Newspaper Page Text
Thursday Morning, April 2, 1888.
i ne ?uut.
When, a few days siuce, we under- j
took to strike tho key-note for the j
action of tho white people in this
State, wo intended to express our j
earnest convictions of truth- and
duty. Our readers will bear testi?
mony to the uniformly conservative
views and sentiments of this paper.
At tho risk of our course being con?
demned and criticised by many,
(whose good opinion we valued,) as
too moderate and sometimes even I
non-commiUal, we have not permitted
ourselves to deviate from this lino of
polioy. In the agony of the coun?
try, we deemed it the part of good
citizenship to use no language
and put forth no sentiments that
would unnecessarily wound and irri?
tate. We counselled moderation;
nor do ve intend to il opart 71010 from
that considerate and, we believe,,
wiso course of conduct. The colored
race will acknowledge that we have
given them in these columns a fair
and impartial hearing. We admitted
at once their new status and their
changed condition. We havo uni?
formly spoken to them nud of them
in words of encouragement and
kindness. We have equally refrained
from placing their speeches, their \
letters and their publio proceedings j
in the light of ridicule, and have |
abstained from casting upon them
anything like contempt. We hoped
that they would be governed by pru?
dence, and that their conduct would
be shaped by the discreet counsels of
wiser men. We were unwilling to
make any unnecessary issues; and as
long as the great issues of the day
were made by those in authority else?
where, over whose actions the people
of this Stute had no immediate con?
trol, we were nnwilling to use the
language of definuce on tho one
hand.or of exasperation on the other, j
Cui bono? when we had neither voice,
nor vote, nor choice in tho matter. ?
We disapproved of the legislation of
Congress, but our people could not .
control it. We believed that tho \
course of tho radical party in Con- i
gross was driving the country to
ruin, but they had the power, and for !
tho present, at least, that was an cud j
of it. But tho condition of things, j
has changed. The black tide of re- :
volution is still rolling on ?it Wash- j
ingtou. The revolutionists have laid 1
violent hands, not upon Andrew 1
Johnson, be it remembered, but !
upon tho Executive Branch of tho j
Government. They have emasculated ?
tho Supreme Court-a co-ordinate j
branch of the Government. The j
Legislature-tho only remaining j
branch of the Government-itself 1
shorn of representation from ten
SUites, has seized upon all power,
and now governs without regard to
tho Constitution-indeed, in direct
opposition lo it. In tho midst of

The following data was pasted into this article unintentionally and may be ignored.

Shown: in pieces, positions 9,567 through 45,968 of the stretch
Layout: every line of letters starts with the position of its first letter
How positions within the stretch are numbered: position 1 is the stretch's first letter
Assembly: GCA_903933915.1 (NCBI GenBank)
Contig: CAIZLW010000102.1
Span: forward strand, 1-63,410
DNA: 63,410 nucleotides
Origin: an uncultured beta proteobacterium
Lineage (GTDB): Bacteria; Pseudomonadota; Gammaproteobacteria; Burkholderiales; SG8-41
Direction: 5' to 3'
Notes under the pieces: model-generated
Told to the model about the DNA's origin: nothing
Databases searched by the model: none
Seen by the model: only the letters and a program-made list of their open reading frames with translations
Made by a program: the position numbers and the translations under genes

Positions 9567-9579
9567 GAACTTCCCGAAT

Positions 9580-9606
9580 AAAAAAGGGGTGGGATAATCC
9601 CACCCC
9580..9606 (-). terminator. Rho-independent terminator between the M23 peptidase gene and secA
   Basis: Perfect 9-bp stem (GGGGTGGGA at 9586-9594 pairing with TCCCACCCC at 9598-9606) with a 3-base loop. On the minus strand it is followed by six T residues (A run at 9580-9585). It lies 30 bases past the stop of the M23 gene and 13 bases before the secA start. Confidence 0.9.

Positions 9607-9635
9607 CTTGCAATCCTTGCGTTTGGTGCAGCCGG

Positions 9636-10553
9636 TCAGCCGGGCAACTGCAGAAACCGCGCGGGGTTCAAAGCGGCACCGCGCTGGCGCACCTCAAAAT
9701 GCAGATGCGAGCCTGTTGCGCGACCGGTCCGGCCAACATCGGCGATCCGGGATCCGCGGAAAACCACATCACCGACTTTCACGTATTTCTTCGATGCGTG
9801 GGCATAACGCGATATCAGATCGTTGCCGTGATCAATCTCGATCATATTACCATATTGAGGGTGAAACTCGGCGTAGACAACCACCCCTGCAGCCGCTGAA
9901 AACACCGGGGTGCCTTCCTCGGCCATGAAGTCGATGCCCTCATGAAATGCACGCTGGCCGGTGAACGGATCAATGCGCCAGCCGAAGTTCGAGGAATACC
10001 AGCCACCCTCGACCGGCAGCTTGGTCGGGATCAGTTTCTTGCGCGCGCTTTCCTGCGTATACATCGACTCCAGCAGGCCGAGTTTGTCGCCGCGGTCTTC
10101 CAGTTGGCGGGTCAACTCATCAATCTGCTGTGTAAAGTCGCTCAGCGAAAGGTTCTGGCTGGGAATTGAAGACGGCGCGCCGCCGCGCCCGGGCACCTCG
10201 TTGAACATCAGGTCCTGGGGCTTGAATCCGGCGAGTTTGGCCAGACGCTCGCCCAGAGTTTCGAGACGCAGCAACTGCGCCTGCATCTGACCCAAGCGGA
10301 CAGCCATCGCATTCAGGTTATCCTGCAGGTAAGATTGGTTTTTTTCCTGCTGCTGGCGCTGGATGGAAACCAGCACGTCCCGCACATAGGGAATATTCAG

this stupendous revolution, an un?
lawful and unwise assemblage of
whites and blacks at Charleston hus
undertaken to inako a Constitution
for this State-for us and for our
posterity; an instrument nt once
anarchical in tendencies and agra?
rian in its principles-wholly in the
interests of the inferior race, and ab?
solutely destrr.ctivo to tho rights und
:i 11,, , . . i. . TT-;II
.UtfOrCSSa \JI mo o il poi tui ince ?? lill
reckless folly and arrogance, they
have, we are compelled to say,
in that instrument, made the issue
for us. Nor dare we, as wo love
the grand old State, shirk the
issue. These people were warned
and advised to a different course, but
yielding to the counsels of desiguing
men, they have draicn the line, and the
white man cannot shun the responsi?
bility if he would. Behold, already,
tho fruits of that evil tree, whose roots
draw nourishment from the lava
flood of crime and blood that over?
spreads the land. Merciful God! We
say it reverently, han it already come
tc this! Thi-? for a messent, ci
"Washington, at oue of his elegaut
receptions-dignified, grave and com?
manding in person-in his Buit of
black velvet, bowing to his assembled
guests. Thou think of old Ben.
Wade, in the same place, giving vent
to his vile, blasphemous utterauces.
"Now he curses, vomita forth, nud
damns Lia BOUI." Think of the elder
Adams, nud Jefferson, and Madison.
Think of Hancock, cf Marsbul, Hut
ledge aud the Lee's. Think, in onr
own State, of Sumter and Marion,
the Laurena' and tho Pinckneys'.
Think, too, nt a later day, of Calhoun
and Webster, Lowndes and Cheves,
in the national councils. Think of
DeSaussuro and Harper, nud tho
good old David Johnson on the bench.
Think of Pringle and Petigru, and
the grave old Gregg, at the bar.
Think of tho eloquence of Preston
and McDuffie, and Legare, iu our